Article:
Low Molecular Weight Heparin in Prevention of Restenosis After Angioplasty: Results of Enoxaparin Restenosis (ERA) Trial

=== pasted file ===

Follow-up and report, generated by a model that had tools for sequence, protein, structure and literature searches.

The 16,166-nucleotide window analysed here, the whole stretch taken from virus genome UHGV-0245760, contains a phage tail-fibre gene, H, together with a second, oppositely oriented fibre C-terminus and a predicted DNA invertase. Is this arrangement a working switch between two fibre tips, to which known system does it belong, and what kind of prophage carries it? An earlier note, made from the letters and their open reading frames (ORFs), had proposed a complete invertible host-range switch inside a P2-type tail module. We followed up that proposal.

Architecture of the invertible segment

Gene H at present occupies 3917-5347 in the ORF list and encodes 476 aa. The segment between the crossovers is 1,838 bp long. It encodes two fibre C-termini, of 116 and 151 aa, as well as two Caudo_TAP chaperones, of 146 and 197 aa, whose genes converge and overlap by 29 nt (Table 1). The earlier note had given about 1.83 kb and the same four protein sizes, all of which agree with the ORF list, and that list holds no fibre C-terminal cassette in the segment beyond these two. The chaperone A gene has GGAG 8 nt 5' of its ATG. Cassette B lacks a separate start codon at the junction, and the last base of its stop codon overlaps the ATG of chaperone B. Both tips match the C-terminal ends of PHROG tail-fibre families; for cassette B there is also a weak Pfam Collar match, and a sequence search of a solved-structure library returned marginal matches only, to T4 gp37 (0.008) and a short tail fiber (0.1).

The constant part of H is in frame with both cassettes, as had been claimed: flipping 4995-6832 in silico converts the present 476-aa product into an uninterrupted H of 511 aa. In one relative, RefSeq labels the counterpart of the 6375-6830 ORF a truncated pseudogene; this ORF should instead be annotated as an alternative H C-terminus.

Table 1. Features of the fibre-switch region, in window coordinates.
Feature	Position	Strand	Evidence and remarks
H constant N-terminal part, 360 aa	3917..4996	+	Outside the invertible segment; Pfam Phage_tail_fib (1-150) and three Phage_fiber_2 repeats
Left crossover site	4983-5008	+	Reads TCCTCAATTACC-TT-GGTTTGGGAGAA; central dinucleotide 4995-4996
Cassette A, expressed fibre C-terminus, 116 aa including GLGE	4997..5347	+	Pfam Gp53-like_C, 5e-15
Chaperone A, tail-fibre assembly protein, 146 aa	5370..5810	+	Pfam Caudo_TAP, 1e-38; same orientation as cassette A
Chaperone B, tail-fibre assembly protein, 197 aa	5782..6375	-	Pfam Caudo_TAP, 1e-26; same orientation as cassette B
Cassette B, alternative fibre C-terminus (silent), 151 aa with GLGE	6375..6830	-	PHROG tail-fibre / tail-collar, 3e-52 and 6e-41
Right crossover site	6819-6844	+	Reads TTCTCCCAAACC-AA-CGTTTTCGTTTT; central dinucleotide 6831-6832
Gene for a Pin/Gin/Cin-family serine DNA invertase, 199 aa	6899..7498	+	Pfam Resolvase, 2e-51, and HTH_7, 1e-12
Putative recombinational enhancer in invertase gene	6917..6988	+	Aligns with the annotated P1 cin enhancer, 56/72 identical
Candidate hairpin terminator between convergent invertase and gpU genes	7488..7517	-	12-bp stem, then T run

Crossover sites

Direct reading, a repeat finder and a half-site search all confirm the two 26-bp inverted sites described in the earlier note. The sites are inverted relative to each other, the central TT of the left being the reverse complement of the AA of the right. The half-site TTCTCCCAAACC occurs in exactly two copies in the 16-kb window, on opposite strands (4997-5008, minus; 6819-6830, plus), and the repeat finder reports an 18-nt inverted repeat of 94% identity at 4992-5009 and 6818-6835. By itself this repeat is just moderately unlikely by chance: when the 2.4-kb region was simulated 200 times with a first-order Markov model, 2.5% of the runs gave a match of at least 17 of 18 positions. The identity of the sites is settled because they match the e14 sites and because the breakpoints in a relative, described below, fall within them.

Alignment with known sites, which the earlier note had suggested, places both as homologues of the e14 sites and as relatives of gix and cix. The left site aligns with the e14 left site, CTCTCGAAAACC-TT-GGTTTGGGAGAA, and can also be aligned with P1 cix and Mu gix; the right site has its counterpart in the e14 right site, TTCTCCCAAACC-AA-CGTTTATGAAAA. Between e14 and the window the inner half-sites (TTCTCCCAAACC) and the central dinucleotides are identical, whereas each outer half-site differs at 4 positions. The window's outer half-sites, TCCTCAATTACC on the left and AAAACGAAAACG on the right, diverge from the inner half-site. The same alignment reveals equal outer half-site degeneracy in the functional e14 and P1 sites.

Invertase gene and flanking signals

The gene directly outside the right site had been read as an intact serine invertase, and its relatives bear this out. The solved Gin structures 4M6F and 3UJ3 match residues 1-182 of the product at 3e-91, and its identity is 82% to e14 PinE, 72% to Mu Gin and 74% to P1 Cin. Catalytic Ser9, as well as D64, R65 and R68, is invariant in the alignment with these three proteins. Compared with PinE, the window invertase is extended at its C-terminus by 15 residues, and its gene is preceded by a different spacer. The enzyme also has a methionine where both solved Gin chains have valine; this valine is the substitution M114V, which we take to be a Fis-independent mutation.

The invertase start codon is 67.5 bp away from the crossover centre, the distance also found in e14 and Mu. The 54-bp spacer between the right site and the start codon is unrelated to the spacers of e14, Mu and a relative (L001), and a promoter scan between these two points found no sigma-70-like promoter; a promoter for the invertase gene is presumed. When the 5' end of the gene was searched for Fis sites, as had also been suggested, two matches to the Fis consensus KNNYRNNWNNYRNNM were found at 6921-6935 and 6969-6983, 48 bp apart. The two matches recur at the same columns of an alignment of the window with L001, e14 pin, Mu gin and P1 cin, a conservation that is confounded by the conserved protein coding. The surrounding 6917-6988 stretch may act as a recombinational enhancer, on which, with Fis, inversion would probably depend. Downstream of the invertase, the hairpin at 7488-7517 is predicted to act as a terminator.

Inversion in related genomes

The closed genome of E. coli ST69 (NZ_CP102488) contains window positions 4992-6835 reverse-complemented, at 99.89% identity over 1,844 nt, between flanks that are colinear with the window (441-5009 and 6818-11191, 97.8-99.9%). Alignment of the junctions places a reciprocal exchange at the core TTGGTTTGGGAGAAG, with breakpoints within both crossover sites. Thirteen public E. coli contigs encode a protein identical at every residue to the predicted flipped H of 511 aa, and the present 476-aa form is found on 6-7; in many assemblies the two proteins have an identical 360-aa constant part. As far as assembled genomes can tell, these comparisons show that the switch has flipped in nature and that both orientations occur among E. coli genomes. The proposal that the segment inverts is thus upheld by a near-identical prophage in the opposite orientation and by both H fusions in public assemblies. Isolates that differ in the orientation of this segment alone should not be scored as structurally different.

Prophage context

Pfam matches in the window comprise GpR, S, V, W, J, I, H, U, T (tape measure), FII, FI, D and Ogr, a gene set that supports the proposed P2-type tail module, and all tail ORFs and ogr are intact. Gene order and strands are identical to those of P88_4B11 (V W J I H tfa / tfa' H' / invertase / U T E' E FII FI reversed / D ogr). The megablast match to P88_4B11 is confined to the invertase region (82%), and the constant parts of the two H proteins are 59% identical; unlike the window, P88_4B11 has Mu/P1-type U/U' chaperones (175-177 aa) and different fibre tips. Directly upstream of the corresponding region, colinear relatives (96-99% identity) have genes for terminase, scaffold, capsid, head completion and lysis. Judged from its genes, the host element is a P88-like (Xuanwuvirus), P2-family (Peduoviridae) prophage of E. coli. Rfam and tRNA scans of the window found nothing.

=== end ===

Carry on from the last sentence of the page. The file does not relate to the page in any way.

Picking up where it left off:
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BackgroundHeparin, an anticoagulant, possesses antiproliferative effects and has been shown to reduce neointimal proliferation and restenosis following vascular injury in experimental studies.Methods and ResultsThe primary aim of this double-blind multicenter study was to determine if 40 mg Enoxaparin, a low molecular weight heparin, administered subcutaneously once daily for 1 month after successful angioplasty would reduce the incidence of restenosis. Four hundred fifty-eight patients were randomized at nine clinical centers (231 to placebo and 227 to Enoxaparin). The primary end point was angiographic or clinical restenosis. Angiographic restenosis was defined as a loss of 50% of the initial gain as measured by quantitative coronary angiography (QCA) at a core laboratory. In the absence of QCA, clinical evidence of restenosis was defined as death, myocardial infarction, repeat revascularization, or worsening angina. Using the intention-to-treat analysis for all patients, restenosis occurred in 51% of the placebo group and 52% of the Enoxaparin group (relative risk, 1.07, P=.625). Likewise, no difference in restenosis was evident when the change in minimal lumen diameter or other angiographic definitions of restenosis were used. Adverse clinical events were infrequent and did not differ between the groups with the exception of minor bleeding complications, which were more common in the Enoxaparin group.ConclusionsEnoxaparin (40 mg/d SC for 1 month) following successful angioplasty did not reduce the incidence of angiographic restenosis or the occurrence of clinical events over 6 months. The treatment was well tolerated, although in-hospital minor bleeding was more common with active treatment.

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